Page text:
MMR regulation - Key issues for intermediaries

MMR regulation - Key issues for intermediaries


The publication of the MMR Policy Statement is an ideal time to consider some of the key issues that will impact bridging intermediaries and their business models. Ray Cohen, compliance expert and MD of Jackson Cohen, outlines the main highlights:


• All interactive sales will have to be advised unless the borrower qualifies to opt out for an execution only route as a mortgage professional, High Net Worth (HNW) individual or business borrower (and even then some loans will have to be advised);

• The disclosure rules will change and the Initial Disclosure Document (IDD) will no longer be required and instead firms will have to verbally explain. The definitions of what advice is offered will also change;

• Firms will have to have an expected level of execution only sales and monitor them;

• To qualify for the new business lending rules the entire loan must be for business purposes and will have to be supported by a credible business plan;

• HNW mortgage customers will have to have at least £3 million of net assets or £300,000 p.a. of net income. This will have to be certified although for joint borrowers only one person needs to qualify and that includes any guarantor;

• All debt consolidation loans must have advice;

• Intermediaries will not be responsible for checking affordability (that will be the lenders job) but they will have to have anti-fraud measures in place. This means they will probably still need to think about evidencing income etc.;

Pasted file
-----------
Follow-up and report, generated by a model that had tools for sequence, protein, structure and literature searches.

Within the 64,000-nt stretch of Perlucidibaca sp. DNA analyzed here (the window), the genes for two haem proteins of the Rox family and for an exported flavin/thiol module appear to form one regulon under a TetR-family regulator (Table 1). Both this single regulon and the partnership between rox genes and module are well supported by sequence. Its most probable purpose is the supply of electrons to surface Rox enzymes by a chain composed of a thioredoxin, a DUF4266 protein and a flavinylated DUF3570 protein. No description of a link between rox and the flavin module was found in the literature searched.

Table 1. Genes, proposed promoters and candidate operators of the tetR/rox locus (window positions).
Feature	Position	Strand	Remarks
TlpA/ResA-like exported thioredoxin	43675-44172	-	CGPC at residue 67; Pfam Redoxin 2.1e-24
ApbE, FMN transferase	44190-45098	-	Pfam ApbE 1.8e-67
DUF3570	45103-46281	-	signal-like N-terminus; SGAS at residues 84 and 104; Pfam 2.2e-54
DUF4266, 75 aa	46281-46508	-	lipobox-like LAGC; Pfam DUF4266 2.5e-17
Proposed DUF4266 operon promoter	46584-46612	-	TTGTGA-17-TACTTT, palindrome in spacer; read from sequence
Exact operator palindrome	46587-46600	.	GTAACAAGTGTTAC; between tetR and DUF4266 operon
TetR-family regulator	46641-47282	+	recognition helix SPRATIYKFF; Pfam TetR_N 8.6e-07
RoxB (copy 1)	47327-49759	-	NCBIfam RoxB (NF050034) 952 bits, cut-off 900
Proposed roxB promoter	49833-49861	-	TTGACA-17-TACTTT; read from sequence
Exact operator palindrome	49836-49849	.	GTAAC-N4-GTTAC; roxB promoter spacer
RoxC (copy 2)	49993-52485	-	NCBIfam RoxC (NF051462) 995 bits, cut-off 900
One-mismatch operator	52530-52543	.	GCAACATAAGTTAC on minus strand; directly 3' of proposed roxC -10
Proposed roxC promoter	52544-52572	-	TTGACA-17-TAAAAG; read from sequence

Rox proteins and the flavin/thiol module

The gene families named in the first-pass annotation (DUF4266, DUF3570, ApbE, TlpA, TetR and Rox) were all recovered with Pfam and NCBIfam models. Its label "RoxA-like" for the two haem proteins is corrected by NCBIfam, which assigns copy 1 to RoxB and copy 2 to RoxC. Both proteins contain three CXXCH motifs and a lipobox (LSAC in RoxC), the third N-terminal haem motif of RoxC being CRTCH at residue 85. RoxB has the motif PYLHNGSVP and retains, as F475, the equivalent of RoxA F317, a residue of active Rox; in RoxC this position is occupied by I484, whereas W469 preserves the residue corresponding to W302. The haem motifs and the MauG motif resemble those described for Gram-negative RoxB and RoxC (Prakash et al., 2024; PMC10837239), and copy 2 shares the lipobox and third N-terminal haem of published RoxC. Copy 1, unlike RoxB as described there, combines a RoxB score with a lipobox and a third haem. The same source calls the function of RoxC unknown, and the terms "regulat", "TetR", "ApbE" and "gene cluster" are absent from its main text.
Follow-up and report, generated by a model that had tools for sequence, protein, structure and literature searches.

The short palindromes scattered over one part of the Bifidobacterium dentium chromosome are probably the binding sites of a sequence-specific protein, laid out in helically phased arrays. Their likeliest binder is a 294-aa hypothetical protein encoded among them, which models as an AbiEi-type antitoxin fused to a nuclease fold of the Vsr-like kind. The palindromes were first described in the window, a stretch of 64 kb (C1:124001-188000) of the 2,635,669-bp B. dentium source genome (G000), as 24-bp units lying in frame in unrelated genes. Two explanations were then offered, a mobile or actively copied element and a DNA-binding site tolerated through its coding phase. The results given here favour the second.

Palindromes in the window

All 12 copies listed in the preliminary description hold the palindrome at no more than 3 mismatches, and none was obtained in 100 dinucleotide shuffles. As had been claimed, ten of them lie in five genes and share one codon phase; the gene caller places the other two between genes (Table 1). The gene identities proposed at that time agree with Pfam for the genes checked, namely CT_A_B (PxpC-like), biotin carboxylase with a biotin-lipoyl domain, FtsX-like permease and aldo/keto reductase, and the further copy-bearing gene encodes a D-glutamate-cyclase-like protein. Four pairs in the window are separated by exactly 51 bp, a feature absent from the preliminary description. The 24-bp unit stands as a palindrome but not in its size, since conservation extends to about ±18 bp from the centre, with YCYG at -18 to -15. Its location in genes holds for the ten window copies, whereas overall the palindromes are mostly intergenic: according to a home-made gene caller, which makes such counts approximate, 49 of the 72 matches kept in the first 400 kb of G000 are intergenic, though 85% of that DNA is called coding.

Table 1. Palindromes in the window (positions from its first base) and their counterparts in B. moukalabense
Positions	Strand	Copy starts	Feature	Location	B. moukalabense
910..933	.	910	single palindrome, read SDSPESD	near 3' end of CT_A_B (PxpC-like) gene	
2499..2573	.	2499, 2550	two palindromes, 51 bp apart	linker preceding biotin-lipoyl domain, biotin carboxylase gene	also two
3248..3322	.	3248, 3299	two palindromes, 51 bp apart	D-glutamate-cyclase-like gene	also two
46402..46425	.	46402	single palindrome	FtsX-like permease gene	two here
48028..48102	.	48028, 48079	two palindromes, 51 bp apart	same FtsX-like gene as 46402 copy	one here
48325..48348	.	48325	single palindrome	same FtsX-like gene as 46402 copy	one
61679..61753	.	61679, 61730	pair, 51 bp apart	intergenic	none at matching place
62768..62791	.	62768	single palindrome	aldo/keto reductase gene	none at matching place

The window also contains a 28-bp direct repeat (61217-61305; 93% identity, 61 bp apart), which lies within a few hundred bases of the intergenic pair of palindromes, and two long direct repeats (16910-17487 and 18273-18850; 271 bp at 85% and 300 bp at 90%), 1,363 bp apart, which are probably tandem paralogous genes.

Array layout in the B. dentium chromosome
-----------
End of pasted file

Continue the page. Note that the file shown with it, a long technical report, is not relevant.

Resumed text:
• No credit repair bridging loans will be able to be offered unless there is a guaranteed mortgage offer for the exit. This may hit people who only have, say, one missed payment in the last six months but need a clean six month history to get mainstream credit. Bridging will no longer be an option.

The rules will come into play with effect from April 2014.

Regulation of more lending

The FSA are expected to consult early next year on the transfer of secured lending to the FSA (FCA as will be). This is also expected to take place in April 2014.

This will mean that loans currently subject to Consumer Credit Act (CCA) regulations - including exempt loans for HNW and predominantly for business purposes (PBP) - will become regulated. The existing exemptions for HNW and PBP will disappear bringing a wider chunk of bridging loans into regulation.

Intermediaries will need to be regulated to transact this type of business or have to pass it on to other authorised intermediaries.

The EU is still to reach agreement on the mortgage directive. Best guesses now are that buy-to-let (BTL) will now be caught under the regulations, although individual Member States may be able to choose to opt out of implementing all of the rules for BTL. 

If this happens it is likely to mean that firms will be required to be authorised to transact this type of business (even if there are reduced or minimal rules) or pass it on to other authorised intermediaries.

The BTL regulations would only impact loans to consumers (defined as acting outside their own business, trade or profession). This leaves many unanswered questions as to when a BTL landlord is acting as a business so the Treasury would have to give some guidance (although the Courts will be the final arbiter). Some believe it may be based on the number of BTL properties held as the easiest solution but this is rather arbitrary.

There is unlikely to be a vote before January 2013 and with a two year implementation period this is unlikely to impact prior to 2015.

What should I do?

• You should be thinking about what these changes mean to your business model;

• Will you need to be authorised or will you introduce (and who to)?

• If you are already authorised will you want to link up with intermediaries who are not authorised to take introductions and if so what are the risks?

• If you only arrange at the moment will you need to vary permissions to be able to advise? What will that mean for you in terms of gaining qualifications, training and competence?

You should start thinking about these issues now. Don’t wait until 2014 – it will be too late!


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